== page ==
Printed in the United States of America
First Printing, 2010
Falling Anvil Publishing
123 Mesa Street
Scottsdale, AZ 00000
Creating an Unfair Advantage
Creating an unfair advantage is one of the best ways to protect your business idea. It will also protect you when it launches into an operating company too.
An unfair advantage is what differentiates you from your competitors, but also allows you to be better in a certain aspect. This advantage also needs to be sustained. To create that unfair advantage for your business you’ll need to start in the idea phase by doing extensive customer and competitor research to see where you can differentiate yourself. From this research you will find out what the customers don’t like and how you could potentially fix those problems. You’ll also discover how each competitor is different from each other. Once you know this you can map it out on a grid, and pinpoint yourself so it’s easier to see how you are different.
Another way to create an unfair advantage is to use new and innovative technologies and techniques. For instance, if someone develops a revolutionizing piece of technology that can cut a business’s costs by 40%, using this technology could create an unfair advantage for your idea. However, you would want to set it up where you get exclusive rights to the technology you are going to use so the unfair advantage can at least be sustained for some period of time.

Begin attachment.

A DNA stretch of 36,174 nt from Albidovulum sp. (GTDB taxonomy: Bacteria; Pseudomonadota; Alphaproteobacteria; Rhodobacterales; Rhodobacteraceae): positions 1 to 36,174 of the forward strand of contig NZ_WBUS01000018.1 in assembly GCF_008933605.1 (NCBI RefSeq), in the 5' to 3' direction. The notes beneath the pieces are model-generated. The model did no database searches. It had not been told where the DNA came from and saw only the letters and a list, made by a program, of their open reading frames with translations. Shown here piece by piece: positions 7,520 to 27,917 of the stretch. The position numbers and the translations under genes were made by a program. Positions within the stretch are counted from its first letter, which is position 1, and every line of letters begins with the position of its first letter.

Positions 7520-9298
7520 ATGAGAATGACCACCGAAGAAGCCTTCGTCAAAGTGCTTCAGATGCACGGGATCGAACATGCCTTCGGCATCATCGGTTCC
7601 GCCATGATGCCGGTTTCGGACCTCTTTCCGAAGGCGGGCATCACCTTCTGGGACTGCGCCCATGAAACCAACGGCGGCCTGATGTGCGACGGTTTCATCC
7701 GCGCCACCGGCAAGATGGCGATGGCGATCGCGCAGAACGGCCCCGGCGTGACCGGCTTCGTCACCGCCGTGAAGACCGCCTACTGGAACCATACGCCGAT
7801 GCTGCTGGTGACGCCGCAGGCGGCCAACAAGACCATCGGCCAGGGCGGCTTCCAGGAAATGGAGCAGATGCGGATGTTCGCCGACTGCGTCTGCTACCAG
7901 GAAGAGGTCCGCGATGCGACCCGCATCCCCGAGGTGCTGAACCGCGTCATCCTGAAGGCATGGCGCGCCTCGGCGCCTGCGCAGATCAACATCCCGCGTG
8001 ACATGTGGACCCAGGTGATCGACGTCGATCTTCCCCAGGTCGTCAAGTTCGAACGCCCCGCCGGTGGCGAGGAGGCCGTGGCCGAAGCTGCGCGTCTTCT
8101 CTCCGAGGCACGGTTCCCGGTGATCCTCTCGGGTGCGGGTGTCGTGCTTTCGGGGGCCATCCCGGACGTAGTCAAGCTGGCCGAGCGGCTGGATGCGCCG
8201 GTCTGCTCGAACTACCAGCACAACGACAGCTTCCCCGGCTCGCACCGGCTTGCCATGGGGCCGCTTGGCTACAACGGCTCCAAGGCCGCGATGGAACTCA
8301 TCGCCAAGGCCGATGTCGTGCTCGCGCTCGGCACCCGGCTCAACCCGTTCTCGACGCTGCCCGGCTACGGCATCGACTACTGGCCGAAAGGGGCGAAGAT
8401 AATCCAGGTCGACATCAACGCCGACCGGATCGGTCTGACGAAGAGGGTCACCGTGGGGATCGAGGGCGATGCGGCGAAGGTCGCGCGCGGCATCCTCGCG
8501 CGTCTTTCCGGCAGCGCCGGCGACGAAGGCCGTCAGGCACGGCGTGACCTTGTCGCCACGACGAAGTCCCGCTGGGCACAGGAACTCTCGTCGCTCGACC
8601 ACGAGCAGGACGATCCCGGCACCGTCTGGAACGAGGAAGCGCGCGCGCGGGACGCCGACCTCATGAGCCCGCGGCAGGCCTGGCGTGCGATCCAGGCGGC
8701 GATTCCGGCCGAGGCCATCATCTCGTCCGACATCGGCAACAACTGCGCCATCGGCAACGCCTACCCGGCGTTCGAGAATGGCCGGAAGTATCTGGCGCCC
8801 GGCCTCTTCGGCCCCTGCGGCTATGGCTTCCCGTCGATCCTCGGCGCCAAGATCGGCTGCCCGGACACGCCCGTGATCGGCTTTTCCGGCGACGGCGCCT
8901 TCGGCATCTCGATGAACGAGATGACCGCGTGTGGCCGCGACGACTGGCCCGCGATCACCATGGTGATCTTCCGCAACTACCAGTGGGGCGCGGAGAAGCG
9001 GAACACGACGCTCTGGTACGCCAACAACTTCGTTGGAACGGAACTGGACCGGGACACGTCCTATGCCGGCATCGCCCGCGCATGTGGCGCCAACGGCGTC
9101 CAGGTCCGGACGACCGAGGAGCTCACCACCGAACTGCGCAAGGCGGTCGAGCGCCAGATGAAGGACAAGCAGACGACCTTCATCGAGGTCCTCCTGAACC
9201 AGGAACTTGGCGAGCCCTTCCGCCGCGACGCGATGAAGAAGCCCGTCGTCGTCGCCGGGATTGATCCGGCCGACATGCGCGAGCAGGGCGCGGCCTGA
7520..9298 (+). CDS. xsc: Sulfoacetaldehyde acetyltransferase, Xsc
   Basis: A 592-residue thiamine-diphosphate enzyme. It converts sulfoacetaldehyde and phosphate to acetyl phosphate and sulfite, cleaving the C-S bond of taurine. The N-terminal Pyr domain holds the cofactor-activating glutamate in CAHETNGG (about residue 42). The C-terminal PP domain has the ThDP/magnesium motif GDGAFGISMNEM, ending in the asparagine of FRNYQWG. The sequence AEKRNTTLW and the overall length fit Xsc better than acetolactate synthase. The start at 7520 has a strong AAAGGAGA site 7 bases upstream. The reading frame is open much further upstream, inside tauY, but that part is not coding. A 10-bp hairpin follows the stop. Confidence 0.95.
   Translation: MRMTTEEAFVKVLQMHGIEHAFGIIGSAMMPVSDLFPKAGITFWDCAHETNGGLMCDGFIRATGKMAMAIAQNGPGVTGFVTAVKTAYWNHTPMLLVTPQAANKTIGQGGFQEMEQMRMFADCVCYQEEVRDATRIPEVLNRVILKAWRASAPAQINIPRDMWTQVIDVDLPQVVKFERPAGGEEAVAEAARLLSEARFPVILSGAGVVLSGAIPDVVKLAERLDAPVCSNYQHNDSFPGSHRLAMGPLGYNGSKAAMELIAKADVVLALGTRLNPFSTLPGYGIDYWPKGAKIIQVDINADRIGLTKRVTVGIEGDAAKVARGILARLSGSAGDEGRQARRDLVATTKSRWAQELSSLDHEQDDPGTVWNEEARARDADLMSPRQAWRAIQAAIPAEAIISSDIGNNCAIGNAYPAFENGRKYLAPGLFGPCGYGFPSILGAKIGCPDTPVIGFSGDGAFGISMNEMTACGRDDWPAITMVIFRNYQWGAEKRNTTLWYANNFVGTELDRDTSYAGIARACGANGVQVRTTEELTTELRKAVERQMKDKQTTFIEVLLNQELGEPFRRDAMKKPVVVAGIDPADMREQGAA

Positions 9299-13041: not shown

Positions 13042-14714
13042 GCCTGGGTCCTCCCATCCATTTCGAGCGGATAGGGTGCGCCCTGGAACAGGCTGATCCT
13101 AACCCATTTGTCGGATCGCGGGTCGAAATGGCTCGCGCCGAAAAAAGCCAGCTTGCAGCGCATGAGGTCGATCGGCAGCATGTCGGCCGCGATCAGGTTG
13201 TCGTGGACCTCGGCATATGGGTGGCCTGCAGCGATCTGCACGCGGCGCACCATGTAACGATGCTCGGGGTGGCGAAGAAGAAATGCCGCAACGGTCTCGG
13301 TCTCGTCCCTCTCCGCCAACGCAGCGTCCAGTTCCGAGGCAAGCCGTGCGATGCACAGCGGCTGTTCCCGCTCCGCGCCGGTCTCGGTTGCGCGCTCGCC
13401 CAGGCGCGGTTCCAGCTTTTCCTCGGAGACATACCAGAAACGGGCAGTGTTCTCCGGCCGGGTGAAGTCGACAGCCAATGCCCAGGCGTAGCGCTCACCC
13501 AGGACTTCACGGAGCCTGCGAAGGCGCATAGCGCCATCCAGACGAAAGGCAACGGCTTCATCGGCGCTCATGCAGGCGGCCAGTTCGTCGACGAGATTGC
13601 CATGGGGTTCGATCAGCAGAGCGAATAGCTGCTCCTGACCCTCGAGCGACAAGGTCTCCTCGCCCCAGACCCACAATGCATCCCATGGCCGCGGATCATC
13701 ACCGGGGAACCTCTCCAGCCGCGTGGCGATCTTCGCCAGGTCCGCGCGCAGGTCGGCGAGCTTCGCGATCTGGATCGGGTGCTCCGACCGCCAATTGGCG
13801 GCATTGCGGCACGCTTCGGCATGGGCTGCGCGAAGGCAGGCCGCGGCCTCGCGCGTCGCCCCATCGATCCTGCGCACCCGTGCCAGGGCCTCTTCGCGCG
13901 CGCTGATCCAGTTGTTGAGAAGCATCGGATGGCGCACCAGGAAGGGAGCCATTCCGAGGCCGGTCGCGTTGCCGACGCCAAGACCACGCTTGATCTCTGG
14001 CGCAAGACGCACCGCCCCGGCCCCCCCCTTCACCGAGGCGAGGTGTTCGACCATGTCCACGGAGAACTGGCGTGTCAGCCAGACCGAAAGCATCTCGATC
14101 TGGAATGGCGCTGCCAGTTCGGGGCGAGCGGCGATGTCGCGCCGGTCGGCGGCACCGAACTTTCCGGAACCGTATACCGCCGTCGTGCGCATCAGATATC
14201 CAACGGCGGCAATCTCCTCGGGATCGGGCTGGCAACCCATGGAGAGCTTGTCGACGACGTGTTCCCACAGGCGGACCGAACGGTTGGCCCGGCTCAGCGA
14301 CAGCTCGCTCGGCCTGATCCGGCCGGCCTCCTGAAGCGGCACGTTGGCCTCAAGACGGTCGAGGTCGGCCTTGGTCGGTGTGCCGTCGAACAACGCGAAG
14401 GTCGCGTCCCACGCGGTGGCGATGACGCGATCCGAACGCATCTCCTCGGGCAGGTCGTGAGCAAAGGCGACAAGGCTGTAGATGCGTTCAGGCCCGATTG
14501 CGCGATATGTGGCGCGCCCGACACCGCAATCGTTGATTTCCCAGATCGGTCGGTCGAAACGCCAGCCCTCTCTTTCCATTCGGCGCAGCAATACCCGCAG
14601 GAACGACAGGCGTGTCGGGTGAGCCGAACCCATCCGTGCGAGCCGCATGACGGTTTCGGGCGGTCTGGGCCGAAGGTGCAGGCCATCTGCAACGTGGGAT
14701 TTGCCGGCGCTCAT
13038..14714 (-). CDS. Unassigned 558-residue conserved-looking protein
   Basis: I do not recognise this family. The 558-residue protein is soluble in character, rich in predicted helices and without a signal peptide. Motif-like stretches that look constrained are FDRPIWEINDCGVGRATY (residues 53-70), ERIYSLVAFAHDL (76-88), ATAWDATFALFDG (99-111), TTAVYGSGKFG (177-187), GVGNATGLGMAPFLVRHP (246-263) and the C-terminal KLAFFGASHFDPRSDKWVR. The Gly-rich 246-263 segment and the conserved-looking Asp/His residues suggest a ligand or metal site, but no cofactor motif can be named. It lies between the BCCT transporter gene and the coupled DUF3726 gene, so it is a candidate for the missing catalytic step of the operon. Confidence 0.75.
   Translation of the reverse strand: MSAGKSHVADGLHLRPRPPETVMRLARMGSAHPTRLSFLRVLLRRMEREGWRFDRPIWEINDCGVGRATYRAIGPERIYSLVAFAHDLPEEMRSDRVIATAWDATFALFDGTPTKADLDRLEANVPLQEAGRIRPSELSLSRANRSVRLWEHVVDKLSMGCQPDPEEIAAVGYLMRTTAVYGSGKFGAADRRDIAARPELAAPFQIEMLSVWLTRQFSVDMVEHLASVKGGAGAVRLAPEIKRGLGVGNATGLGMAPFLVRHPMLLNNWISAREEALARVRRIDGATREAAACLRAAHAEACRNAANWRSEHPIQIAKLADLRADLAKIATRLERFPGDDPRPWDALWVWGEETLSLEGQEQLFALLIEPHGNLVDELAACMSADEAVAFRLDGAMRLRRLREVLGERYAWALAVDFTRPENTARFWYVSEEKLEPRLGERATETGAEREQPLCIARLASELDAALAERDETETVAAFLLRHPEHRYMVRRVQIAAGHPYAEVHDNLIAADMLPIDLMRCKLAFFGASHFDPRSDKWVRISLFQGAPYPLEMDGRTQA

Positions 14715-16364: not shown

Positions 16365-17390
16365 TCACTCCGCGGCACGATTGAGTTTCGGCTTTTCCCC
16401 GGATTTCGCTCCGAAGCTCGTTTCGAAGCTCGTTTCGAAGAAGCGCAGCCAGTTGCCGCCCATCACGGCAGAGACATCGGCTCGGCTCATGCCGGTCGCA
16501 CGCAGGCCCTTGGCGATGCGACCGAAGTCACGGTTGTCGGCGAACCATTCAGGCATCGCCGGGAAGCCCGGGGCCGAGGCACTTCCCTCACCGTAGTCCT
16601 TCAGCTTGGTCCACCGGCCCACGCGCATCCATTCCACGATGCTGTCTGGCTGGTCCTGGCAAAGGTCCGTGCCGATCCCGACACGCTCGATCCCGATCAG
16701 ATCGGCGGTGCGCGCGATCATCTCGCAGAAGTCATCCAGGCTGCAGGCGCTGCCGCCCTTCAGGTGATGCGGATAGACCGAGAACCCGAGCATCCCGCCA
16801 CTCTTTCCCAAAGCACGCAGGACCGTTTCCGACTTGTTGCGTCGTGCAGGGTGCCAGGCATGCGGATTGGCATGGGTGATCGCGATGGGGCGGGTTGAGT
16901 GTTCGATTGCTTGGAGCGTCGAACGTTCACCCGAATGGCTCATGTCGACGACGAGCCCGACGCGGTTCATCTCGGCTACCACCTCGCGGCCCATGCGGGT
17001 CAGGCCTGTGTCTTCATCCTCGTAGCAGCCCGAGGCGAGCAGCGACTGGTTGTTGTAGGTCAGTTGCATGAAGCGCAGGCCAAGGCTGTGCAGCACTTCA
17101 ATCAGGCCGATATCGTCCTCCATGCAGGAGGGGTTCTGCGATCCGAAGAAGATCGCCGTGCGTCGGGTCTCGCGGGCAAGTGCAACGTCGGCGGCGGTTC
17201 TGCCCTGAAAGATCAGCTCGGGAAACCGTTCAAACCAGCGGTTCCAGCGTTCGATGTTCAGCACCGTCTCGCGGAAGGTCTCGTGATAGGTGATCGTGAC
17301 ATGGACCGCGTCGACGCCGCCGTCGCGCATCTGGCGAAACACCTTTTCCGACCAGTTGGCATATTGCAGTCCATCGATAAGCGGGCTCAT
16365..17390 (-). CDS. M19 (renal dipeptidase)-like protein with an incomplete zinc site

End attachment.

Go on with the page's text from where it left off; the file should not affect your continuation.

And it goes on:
If you are curious about this route, you can keep up with the latest scientific and technological breakthroughs at the below sites:
The greatest and way to create an unfair advantage is to create a blue ocean. This phrase means you are creating a market to enter with your business idea. For example, Sony was able to create a blue ocean with their Walkman cd and cassette players. Never before were people able to have personalized music walking down the road, without disturbing others. This allowed Sony to gain significant market share over competitors and became a booming business because of it. Others were quick to follow, however, Sony had a strong unfair advantage in the beginning. If you want to learn more about creating blue oceans, you can check out the full book and details.
Sharing your idea…. Carefully
I am a strong believer that everyone should share their business ideas freely, most of the time. There are two scenarios where I think aspiring entrepreneurs should be sharing their idea, and when they should be keeping it secret.
The first scenario is if you just came up with the idea, and you don’t even know if there is a market or if people are willing to buy the product or service. In this stage, you should be sharing your idea freely. Anyone you run into, run the idea by them to see what they think. This will help you get feedback from potential customers, and it will also allow you to work on your pitch. In this scenario you’ll need to be comfortable sharing your idea with everyone because you will need to find out if people like the idea and if it solves a problem they have in their life.
The second scenario is if the business idea has already been validated and you know there is a profitable market you could thrive in. At this point, to validate the idea, you would have already talked to potential customers in your target market.
Since it is now validated, you don’t need to further tell people if you don’t have to. In some instances, it is best to just put your nose to the grindstone in this scenario, and execute the idea. For instance, you may be raising money for the idea, and don’t want others to see and enter the market as well. But, in other instances, once it is validated and you launch it, you shouldn’t be afraid of telling everyone.